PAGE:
The two opposing camps are bickering even over pink hydrogen

Finally, green hydrogen, obtained through the electrolysis of water in a process powered by renewables, is still far from competitive against the gray version. One overlapping solution is pink hydrogen, where electrolyzers are fed by nuclear power.

Still, France and its pro-nuclear allies blocked the revision of the Renewable Energy Directive, RED3, for several months last year before the issue was resolved. Ahead of this week’s meeting of EU energy ministers, the camp called for more support for nuclear energy again. Separately, the so-called Friends of Renewables used the opportunity to promote the case for prioritizing renewables and accompanying systems.

Differing views on 2040 decarbonization path

Both sides highlighted the European Commission’s recent impact assessment on possible pathways toward making the European Union climate neutral by 2050. It recommended measures to achieve a cut in annual net emissions of 90% by 2040 from the 1990 level. The legal framework for the period after 2030 is yet to be negotiated.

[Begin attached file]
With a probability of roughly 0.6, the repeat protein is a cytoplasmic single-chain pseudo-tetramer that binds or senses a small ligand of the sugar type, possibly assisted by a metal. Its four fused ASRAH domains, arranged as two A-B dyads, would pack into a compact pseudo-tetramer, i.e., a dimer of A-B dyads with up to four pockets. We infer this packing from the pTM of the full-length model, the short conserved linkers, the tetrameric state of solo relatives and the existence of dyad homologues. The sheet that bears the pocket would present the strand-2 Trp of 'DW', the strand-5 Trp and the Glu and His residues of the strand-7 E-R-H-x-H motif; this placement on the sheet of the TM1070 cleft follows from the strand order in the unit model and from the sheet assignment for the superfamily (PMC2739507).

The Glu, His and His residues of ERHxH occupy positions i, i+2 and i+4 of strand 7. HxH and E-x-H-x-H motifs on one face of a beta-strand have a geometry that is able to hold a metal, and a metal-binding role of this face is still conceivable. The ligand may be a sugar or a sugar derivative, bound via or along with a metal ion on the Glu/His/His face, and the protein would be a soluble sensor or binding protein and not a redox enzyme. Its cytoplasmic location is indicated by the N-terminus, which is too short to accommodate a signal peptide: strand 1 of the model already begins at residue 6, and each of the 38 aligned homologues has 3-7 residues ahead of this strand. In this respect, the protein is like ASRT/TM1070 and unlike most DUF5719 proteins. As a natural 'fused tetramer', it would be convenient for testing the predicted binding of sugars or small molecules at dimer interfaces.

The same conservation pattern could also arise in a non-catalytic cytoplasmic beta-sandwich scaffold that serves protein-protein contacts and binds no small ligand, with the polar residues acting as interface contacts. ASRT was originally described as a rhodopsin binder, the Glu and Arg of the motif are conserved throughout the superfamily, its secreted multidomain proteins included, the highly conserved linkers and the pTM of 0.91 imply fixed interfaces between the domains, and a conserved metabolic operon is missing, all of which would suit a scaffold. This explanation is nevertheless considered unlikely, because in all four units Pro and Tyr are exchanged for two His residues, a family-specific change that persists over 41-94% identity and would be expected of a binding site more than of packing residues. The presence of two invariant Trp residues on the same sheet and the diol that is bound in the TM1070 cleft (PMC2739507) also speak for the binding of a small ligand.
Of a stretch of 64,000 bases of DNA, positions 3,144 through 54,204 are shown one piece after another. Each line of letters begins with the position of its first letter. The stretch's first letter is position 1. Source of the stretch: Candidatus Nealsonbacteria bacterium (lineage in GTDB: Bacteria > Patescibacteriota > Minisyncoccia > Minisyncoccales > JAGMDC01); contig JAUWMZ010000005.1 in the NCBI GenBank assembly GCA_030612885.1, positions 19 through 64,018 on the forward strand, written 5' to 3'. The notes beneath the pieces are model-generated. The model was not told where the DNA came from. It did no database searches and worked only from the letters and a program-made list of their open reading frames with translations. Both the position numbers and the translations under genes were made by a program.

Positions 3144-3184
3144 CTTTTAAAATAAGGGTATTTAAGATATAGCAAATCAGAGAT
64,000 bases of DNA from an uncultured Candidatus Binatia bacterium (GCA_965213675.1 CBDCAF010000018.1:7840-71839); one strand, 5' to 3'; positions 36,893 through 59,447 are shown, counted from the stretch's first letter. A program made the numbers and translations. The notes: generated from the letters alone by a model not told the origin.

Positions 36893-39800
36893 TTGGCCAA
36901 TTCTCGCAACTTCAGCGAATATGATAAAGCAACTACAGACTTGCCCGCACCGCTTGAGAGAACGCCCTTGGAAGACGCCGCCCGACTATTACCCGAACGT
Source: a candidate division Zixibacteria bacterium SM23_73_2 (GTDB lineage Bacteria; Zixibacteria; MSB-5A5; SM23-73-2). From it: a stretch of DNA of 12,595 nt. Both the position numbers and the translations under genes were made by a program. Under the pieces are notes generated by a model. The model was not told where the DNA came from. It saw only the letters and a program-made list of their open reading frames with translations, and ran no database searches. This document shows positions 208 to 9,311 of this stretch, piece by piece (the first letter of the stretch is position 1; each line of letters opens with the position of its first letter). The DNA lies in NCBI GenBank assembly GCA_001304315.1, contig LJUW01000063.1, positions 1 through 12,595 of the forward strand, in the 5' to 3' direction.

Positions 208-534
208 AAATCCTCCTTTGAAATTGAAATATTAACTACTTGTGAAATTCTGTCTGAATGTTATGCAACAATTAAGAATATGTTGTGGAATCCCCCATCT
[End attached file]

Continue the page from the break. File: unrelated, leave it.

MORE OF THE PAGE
The EU Nuclear Alliance, spearheaded by France, said the commission’s communication on the 2040 climate objective “set the tone for a more technology-neutral approach in EU policies.” It would effectively mean more room for nuclear energy and other supposedly transitional technologies.

Both the Nuclear Alliance and Friends of Renewables want clarity with regard to investing

The group commended the European Commission’s launch of the Industrial Alliance on Small Modular Reactors (SMR Industrial Alliance), aimed at accelerating the deployment of small and advanced modular reactors and a domestic supply chain including a skilled workforce.